Information: Here is where you’ll find the FAQ for the meeting.  Ideally, this will answer every question you could possibly want to know about the annual meeting. The questions were collected from our staff, so I’m sure we’ve missed a few things.  During the meeting, we’ll provide you with an email address to send further questions— who knows, your question might be confusing enough that we put it up on the FAQ.  FAQs thus far include, getting to the meeting, workshops, installments, student Saturday, and an in-depth explanation of the mobile app itself (hey you never know).

Announcements: Announcements will be a quick and easy way for the AAA to get information out to you.  This could range from a fire alert to free pizza— so make sure not to ignore these notifications.

screenshot_2My Meetings: The nexus of everything to mobile app has to offer.  Here you can view appointments and sessions added to your schedule and remove items from said schedule; this included free form additions.  Your schedule will also be updated periodically based on information you have provided the AAA. This section will also include appointments, where you can view appointment requests and approve or deny requests and also view status of your own requests.  For those of you who might be a little more disorganized (or who just like to be really on top of things) we also provide you with a To Do List. Here you can view the exhibitors added to your To Do List and remove items from the To Do list. As with the appointments, this can be free form items.  My Meetings will also include the messaging system used to contact anyone else with the mobile app. Last but not least, you will also have access to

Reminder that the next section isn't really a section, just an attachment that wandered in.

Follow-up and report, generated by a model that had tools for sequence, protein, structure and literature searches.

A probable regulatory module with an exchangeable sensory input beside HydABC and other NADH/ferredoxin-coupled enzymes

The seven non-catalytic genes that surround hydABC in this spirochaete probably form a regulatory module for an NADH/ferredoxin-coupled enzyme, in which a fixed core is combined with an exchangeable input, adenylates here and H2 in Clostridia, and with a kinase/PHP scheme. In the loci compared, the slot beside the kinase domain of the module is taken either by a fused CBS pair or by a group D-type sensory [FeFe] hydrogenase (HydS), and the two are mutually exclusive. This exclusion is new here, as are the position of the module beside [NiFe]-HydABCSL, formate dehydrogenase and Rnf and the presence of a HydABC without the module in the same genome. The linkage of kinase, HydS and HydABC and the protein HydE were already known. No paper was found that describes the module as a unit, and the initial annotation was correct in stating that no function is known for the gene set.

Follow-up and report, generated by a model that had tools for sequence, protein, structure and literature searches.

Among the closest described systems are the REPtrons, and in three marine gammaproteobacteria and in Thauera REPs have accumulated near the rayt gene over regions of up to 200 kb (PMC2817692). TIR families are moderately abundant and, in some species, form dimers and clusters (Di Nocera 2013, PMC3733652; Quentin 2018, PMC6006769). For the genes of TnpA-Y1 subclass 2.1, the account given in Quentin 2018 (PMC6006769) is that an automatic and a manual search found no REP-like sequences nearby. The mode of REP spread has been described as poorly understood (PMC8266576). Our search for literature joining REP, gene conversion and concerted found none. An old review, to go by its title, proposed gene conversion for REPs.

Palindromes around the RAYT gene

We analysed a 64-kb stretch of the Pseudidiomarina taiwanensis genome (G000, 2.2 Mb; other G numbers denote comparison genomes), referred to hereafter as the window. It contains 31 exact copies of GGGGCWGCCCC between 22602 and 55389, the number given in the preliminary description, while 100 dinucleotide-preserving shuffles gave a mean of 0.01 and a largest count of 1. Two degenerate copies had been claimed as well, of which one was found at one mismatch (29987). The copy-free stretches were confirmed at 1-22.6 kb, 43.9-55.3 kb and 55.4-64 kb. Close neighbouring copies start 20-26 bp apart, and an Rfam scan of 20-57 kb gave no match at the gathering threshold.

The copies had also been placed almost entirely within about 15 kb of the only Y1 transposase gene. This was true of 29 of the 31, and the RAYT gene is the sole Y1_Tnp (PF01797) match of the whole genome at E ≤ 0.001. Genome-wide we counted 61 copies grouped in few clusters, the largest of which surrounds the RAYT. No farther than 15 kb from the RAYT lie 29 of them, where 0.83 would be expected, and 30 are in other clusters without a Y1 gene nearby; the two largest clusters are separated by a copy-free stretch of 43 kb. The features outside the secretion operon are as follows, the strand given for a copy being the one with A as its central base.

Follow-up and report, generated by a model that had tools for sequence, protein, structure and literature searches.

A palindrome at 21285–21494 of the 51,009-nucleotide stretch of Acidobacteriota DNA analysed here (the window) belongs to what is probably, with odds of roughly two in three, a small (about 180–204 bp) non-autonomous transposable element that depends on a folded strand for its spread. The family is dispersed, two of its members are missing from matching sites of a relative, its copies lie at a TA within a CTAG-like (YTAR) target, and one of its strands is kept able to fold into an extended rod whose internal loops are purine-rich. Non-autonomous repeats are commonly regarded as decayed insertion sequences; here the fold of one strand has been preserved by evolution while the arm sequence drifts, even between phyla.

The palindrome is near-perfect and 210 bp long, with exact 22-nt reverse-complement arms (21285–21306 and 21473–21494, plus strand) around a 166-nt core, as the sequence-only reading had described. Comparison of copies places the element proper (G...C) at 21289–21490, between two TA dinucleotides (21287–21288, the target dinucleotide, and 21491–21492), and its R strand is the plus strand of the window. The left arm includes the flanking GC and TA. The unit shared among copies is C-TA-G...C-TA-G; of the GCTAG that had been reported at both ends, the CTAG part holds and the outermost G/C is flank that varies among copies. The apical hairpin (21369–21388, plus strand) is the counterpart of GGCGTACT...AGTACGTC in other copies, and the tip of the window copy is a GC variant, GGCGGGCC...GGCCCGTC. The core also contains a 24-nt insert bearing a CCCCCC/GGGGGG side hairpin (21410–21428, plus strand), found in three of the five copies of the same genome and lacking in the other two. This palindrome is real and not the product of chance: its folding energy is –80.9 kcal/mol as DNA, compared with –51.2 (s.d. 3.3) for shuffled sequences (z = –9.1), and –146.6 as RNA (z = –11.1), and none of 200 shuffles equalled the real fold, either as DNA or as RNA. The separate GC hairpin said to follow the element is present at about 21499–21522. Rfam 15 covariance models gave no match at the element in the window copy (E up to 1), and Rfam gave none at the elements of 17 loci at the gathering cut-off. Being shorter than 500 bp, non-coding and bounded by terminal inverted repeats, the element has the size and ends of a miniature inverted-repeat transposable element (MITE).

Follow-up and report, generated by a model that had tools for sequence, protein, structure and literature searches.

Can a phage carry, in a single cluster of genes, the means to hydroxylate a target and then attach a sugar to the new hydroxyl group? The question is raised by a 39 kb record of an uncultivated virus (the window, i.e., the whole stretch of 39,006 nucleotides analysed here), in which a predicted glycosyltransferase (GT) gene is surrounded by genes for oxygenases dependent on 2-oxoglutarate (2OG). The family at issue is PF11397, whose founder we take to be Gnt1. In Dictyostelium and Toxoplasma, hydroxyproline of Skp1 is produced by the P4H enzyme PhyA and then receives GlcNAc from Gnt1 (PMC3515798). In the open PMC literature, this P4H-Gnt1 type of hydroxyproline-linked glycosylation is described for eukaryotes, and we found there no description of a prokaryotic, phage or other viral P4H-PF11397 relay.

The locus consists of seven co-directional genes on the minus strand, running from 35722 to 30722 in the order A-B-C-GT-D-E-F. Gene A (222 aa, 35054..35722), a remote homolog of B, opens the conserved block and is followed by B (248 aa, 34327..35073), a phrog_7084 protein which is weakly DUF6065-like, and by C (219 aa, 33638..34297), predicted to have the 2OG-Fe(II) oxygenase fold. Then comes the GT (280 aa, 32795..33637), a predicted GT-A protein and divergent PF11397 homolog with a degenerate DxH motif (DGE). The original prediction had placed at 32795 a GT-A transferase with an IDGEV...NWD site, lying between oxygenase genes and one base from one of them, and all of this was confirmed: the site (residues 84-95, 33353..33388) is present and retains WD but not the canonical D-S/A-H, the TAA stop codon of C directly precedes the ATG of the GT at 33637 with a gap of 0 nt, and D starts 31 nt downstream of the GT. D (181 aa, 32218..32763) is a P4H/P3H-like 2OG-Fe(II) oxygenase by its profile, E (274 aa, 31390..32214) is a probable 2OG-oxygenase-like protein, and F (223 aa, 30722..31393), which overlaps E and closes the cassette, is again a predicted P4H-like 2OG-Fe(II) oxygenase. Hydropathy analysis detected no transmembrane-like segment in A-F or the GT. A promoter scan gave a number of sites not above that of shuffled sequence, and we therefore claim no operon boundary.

“My Profile.” Where you can control which email notifications you receives (appointments, messages, announcements). Ability to view email address and phone number is turned OFF by default.

Hope this clears things up. The mobile app is currently available for android and iPhone users and can be picked up at the iTunes store here: https://itunes.apple.com/WebObjects/MZStore.woa/wa/viewSoftware?id=692800377&mt=8

Of course, this is really our first go at the mobile app experience, and it’s an evolving process– so feel free to suggest corrections by sending them to aaameetings@aaanet.org.

The Annual Meeting is only a few weeks away, come prepared!

Susan Hyatt: An Anthropologist Back to School

Today’s guest blog post is written by Dr. Susan B. Hyatt.  Dr. Hyatt is currently an Associate Professor of Anthropology at Indiana University-Purdue University Indianapolis (IUPUI). During the 1980s, she spent 8 years working as a community organizer in South Chicago, which is where she first developed her interest in  community collaborative projects. Dr. Hyatt has volunteered to lead a program in the Anthropologists Back to School initiative. Her program will take place at The Field Museum. This new initiative seeks volunteers to lead and assist programs at various host sites throughout Chicago on Wednesday, November 20 from 9am to12pm. Share your passion of anthropology while giving back to this year’s host city – Chicago. Learn more about how you can participate in Anthropologists Back to School and register today!